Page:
They are healthy kids and really great people too, I'm glad to say. They eat A LOT.
Hope this helps.
Best wishes for your family!
posted by bebrave! at 8:20 PM on February 16, 2012


My teeny-tiny was IUGR as well. There are two types - symmetrical and asymmetrical, which is basically whether your baby is tiny overall or has a big head and tinier body proportionally. Ours was asymmetrical because I lost most of my amniotic fluid, and she had no room to grow, so her body compensated by prioritising her brain development over her body. She's now still slightly out of proportion but catching up overall.

It is scary to get an IUGR, but of all the baby diagnoses, by itself, it's low-risk and almost all IUGR babies turn out fine.

The upside is that thanks to the extra monitoring, any other complications are very likely to be found and that makes your baby far more likely to be delivered safe and healthy with treatment. The NICU seems scary, but the "feeder and grower" babies in there, born a little early and small are the easiest and happiest babies there.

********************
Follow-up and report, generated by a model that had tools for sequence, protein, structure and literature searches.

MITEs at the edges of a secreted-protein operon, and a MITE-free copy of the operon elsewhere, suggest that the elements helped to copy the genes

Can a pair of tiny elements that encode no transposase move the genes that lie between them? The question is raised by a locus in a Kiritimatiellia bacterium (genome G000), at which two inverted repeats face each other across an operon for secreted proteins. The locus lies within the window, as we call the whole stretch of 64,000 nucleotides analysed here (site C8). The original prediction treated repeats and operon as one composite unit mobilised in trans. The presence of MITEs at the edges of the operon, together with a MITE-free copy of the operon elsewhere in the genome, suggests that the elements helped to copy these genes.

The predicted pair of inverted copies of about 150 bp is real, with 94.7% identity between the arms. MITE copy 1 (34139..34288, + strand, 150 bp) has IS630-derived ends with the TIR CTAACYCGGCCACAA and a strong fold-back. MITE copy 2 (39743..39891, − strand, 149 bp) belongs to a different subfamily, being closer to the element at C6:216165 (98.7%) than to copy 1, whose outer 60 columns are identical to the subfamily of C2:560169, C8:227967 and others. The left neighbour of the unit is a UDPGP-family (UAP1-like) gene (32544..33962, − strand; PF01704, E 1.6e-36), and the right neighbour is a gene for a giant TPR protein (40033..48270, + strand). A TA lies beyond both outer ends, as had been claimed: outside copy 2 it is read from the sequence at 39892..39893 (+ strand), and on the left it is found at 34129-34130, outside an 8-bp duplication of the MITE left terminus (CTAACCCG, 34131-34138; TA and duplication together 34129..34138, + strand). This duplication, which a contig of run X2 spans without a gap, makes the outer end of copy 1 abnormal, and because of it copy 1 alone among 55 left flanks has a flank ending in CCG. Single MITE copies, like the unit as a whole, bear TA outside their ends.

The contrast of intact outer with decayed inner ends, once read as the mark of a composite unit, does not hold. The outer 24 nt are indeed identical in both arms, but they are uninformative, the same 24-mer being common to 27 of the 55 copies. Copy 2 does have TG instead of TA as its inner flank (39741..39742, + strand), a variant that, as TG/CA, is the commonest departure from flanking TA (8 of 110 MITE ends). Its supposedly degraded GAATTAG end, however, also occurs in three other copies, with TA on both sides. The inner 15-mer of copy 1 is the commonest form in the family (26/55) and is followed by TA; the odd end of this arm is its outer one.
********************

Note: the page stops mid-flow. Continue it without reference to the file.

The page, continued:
Ask about who's doing the ultrasound measurements, as experience and training makes a huge difference in accurate measuring. Figuring out an accurate weight and length for a foetus is technically challenging.

Our baby isn't even on the percentile charts now. She was delivered at 30 weeks bigger than the ultrasounds suggested at 1.5kg which was solidly 50% percentile and then quickly dropped down. She's now the equivalent of a 3 week term baby at 2.7kg, at <0>
IUGR on its own is very rarely a problem. Ask your doctor to walk you through what could be causing IUGR, and why they've ruled them out in your case. As long as it's not a complication from something else more serious, your baby is likely to just be small and healthy.
posted by viggorlijah at 8:28 PM on February 16, 2012